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Then & Now

Whitetop, VA rests nested in the shadow of Whitetop Mountain just a mile or so from the North Carolina border. Whitetop was the highest point of the rail line between Abingdon, VA and West Jefferson, NC. This community at its height boosted and doctor, dentist, two hotels, post office and general store. When trains reached this point, a round table could turn the engine around or it  could proceed to the next stop.

The original station was torn down when the rails were taken up after 1977. This new station, although larger, was built on the same footprint as the original. Today Whitetop is one of the two main trail heads and welcomes visitors from all over the world.

The photograph, top right, shows Whitetop today. The photograph, bottom right, taken c. 1919 about 4 years after the rail line reached Whitetop, still has not been painted. At one time, Whitetop had two through tracks and two siding tracks.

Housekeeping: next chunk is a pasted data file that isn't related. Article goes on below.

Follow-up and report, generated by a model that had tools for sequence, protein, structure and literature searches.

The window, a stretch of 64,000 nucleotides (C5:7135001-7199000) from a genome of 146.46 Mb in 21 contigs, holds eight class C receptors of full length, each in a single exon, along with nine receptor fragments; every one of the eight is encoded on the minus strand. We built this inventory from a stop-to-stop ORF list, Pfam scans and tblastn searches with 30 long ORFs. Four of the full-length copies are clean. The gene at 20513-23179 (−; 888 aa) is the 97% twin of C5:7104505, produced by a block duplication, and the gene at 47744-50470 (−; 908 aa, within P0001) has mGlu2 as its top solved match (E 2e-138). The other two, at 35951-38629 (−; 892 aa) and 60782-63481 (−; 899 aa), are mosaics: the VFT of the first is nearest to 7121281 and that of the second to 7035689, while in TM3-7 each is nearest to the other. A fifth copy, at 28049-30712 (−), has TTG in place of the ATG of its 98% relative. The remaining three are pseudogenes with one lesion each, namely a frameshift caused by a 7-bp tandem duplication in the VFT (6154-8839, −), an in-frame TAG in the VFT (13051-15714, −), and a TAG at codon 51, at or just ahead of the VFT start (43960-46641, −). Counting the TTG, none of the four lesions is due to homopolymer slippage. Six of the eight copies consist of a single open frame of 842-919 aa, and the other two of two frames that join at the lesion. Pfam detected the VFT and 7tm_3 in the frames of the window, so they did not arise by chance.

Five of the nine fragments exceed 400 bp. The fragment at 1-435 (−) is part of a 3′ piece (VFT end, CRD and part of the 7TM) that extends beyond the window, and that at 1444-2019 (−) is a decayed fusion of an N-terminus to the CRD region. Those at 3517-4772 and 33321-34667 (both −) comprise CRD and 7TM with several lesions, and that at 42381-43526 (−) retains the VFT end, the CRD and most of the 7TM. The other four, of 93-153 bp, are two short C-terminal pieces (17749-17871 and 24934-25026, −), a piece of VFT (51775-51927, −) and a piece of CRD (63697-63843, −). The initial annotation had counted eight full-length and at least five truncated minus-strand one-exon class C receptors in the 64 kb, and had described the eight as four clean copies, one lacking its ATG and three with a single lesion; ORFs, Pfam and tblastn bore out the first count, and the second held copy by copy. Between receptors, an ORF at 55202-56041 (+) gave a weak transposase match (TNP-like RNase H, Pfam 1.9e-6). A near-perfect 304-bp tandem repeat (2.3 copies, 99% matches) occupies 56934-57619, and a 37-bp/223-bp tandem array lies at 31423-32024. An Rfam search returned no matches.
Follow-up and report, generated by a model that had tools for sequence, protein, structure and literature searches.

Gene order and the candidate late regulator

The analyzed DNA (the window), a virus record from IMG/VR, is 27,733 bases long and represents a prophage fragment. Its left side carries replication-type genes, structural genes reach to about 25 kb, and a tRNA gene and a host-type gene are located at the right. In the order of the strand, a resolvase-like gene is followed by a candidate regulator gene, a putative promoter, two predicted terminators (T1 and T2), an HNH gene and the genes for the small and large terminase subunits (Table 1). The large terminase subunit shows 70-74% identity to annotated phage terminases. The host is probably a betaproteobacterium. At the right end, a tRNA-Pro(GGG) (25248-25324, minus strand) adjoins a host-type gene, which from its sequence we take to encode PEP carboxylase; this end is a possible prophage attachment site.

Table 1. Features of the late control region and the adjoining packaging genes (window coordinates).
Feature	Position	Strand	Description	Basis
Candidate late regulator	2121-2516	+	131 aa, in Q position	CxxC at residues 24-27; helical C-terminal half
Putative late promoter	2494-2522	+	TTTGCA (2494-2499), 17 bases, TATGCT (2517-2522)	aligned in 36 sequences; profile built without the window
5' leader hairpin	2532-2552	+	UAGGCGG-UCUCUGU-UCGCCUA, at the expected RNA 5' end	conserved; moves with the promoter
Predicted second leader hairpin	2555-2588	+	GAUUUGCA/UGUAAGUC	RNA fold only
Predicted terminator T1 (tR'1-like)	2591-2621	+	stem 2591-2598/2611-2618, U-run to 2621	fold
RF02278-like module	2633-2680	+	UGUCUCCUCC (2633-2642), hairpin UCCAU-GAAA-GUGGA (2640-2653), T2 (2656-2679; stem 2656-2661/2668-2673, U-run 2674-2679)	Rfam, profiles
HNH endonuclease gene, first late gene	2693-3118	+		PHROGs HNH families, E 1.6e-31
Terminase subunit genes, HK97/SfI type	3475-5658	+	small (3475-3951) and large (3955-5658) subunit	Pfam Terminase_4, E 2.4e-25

The two bottom photos were taken by Winston-Salem Journal photographer Frank Jones on an excursion ride sometime around 1956. On a different trip near the same year two or three cars derailed at Whitetop. The cars were uncoupled and the train was allowed to finish the trip after several hours.

By this time most of the passenger traffic on the railroad had diminished. Cars were more plentiful and affordable, highways and roads had improved and the need for rails to move passengers in this area was less important.

The derailment of the train depicted in this photograph was one a a few along the rail line not to mention the wash outs from hard rains. It also reflected the maintenance and repair that was needed to maintain rail service.

This continued until 1974 when the then N&W Railroad petitioned to discontinue the Abingdon Branch due to severe damage from torrential rains. In 1977 the railroad was granted its petition and removal of track and buildings begun.

c. 1919, Used by permission of Norfolk Southern Railroad Archives

Courtesy of Forsyth County Public Library Photograph Collection, Winston-Salem, N. C.